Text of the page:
It takes a spot of courage to stand up tall and a bit of derring-do to rise when you fall

Monday, September 19, 2005

Hindsight Is So 20-20

I just glanced at an email that said something about the "poor" people (yes, in quotes, as though we all know the truth) in New Orleans who could've left/evacuated via a $10 ticket out of town. I didn't take the time to read the entire article; I'm sure I missed out on a wealth of knowledge. Like was mentioned by a smart someone I know (okay, my husband), this $10 didn't include all the expenses that would be incurred at the other end of that ride: motel rooms for who-knows-how-many nights; food; toiletries; possibly clothes and other miscellaneous; fare back home. It wouldn't have just cost $10 to leave. And maybe there were five or six or ten people to consider (we all know how poor people reproduce, like rabbits). So now we're at $100. Not counting all the above-mentioned expenses. Not to mention wages missed. So, that's one thing. Those "poor" people had but a short time to consider all those facts....Another thing: hurricanes aren't exactly news in the South. How many storms and hurricanes had most of those people lived through, some with barely a scratch, barely a shifting of possessions? Who could have possibly known the tragic outcome? They would've been labeled foolish and paranoid if every time there was a hurricane warning, they headed for the hills with all the possessions they could carry. It's true that this was shaping up to be a Big One. But again, who could've imagined the outcome? NOW we know. Now we can see what should've been done, what could've been done. If some of those who lost everything, who lost loved ones even, if they could re-decide, I'm sure that all of them would pick the $100+ it would've cost. If they had the option at all, they would pick it now. But we don't always get to pick after knowing the end of things. Sometimes we have to pick in a moment of little information. Sometimes we pick and just have to hope we're picking the right thing. Sometimes we don't have any choice of even picking anything. Sometimes we just don't get to choose. And for those of us who are living far from the storm and its aftermath, who are living relatively comfortable lives (even the lives of kings, relatively), who are we to hand out verdicts on what should have been done? Who are we to get to dismiss the "poor" who didn't leave and, we've decided, could have?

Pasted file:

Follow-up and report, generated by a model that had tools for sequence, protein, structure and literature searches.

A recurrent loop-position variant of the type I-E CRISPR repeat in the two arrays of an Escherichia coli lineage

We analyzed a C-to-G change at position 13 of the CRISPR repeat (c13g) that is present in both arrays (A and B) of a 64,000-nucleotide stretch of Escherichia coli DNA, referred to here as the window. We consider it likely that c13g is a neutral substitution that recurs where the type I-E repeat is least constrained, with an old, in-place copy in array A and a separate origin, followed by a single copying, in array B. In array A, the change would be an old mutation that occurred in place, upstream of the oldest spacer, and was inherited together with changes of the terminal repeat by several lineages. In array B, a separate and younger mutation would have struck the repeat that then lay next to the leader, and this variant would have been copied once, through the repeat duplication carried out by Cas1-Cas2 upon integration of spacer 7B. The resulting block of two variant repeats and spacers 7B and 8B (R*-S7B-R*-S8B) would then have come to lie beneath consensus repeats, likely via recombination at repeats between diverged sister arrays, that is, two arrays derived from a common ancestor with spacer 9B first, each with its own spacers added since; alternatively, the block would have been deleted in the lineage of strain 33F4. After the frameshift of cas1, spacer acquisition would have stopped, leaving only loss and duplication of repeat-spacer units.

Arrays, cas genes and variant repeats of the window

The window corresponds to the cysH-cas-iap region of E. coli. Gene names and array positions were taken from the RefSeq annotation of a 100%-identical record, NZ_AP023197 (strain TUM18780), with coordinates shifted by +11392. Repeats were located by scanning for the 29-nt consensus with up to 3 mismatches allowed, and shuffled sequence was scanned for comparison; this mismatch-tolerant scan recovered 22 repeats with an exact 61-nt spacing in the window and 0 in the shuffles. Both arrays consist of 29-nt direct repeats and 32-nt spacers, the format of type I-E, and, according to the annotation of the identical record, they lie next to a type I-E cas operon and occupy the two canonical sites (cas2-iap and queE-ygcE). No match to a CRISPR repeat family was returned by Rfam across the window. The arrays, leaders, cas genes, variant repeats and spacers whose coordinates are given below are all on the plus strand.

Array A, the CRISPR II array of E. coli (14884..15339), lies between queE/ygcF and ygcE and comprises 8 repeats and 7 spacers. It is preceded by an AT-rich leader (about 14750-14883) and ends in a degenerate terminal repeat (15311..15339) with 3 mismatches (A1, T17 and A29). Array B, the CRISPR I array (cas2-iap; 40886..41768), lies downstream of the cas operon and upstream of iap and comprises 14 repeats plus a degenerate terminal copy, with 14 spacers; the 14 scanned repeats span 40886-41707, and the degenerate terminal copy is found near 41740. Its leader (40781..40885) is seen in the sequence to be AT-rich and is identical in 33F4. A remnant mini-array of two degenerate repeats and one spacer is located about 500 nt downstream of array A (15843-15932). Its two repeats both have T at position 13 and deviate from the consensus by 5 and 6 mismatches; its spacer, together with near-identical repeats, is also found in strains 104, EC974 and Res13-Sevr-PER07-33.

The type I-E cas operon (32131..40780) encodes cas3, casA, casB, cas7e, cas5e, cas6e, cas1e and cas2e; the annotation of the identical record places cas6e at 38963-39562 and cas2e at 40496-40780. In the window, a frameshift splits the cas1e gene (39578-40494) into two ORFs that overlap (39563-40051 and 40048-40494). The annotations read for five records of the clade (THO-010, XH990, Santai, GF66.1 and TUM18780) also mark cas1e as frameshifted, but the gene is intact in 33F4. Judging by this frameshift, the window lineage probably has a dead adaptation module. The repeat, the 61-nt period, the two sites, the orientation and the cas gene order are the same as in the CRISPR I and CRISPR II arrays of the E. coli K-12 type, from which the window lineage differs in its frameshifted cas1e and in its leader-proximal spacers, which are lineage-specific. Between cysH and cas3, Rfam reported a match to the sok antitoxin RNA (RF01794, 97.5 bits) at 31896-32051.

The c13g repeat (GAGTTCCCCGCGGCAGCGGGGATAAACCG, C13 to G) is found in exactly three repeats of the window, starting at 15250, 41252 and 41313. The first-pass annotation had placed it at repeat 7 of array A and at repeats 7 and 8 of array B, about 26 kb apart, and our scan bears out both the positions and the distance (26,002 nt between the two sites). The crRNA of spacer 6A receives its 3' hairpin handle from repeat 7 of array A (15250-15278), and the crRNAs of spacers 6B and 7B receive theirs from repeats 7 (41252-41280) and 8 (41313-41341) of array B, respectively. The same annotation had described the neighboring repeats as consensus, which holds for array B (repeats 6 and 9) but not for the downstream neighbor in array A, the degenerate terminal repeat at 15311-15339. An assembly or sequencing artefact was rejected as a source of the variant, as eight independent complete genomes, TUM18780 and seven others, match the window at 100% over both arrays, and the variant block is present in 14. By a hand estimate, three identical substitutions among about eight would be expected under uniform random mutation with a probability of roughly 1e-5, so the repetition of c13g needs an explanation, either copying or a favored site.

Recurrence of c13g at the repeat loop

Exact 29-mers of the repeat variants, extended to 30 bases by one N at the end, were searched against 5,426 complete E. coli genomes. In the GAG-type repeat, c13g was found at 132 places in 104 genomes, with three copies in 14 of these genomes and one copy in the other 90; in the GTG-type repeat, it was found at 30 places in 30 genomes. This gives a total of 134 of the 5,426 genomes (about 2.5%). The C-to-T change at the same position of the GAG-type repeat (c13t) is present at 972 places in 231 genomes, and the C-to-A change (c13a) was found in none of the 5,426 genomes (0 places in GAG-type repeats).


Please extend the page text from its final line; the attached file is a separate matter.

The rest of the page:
Right now part of the roof of our house is off because we're in the middle of a remodel. We're trusting of course that this is a very temporary position we're in, being semi-roofless. And right now we're hoping it doesn't rain like has been said might happen tonight or tomorrow. Thirty percent chance of thunder showers. If it does rain, we sure will know that we should've taken the time and energy and ucky effort to tarp the whole roof area that's exposed. We sure will know then. If it rains. After the fact. It'll be really clear then. But we've got a choice right now, and it doesn't seem likely that it will rain and we're taking our chances. It would be a huge effort and unpleasant and have to be done in the dark. Doesn't seem worth it from where we stand on this side of things. It may look different on the other side of tomorrow.

There's much to be said on this subject, enough for a person to meld right into his soapbox and become one with it, so long would he be there. But I'll just end it with the trite reminder that Hindsight Is Twenty-Twenty.


Blogger bryan torre said...

"There's much to be said on this subject, enough for a person to meld right into his soapbox and become one with it, so long would he be there."

Now *there's* a sentence to make a person smile.

12:42 PM, September 26, 2005


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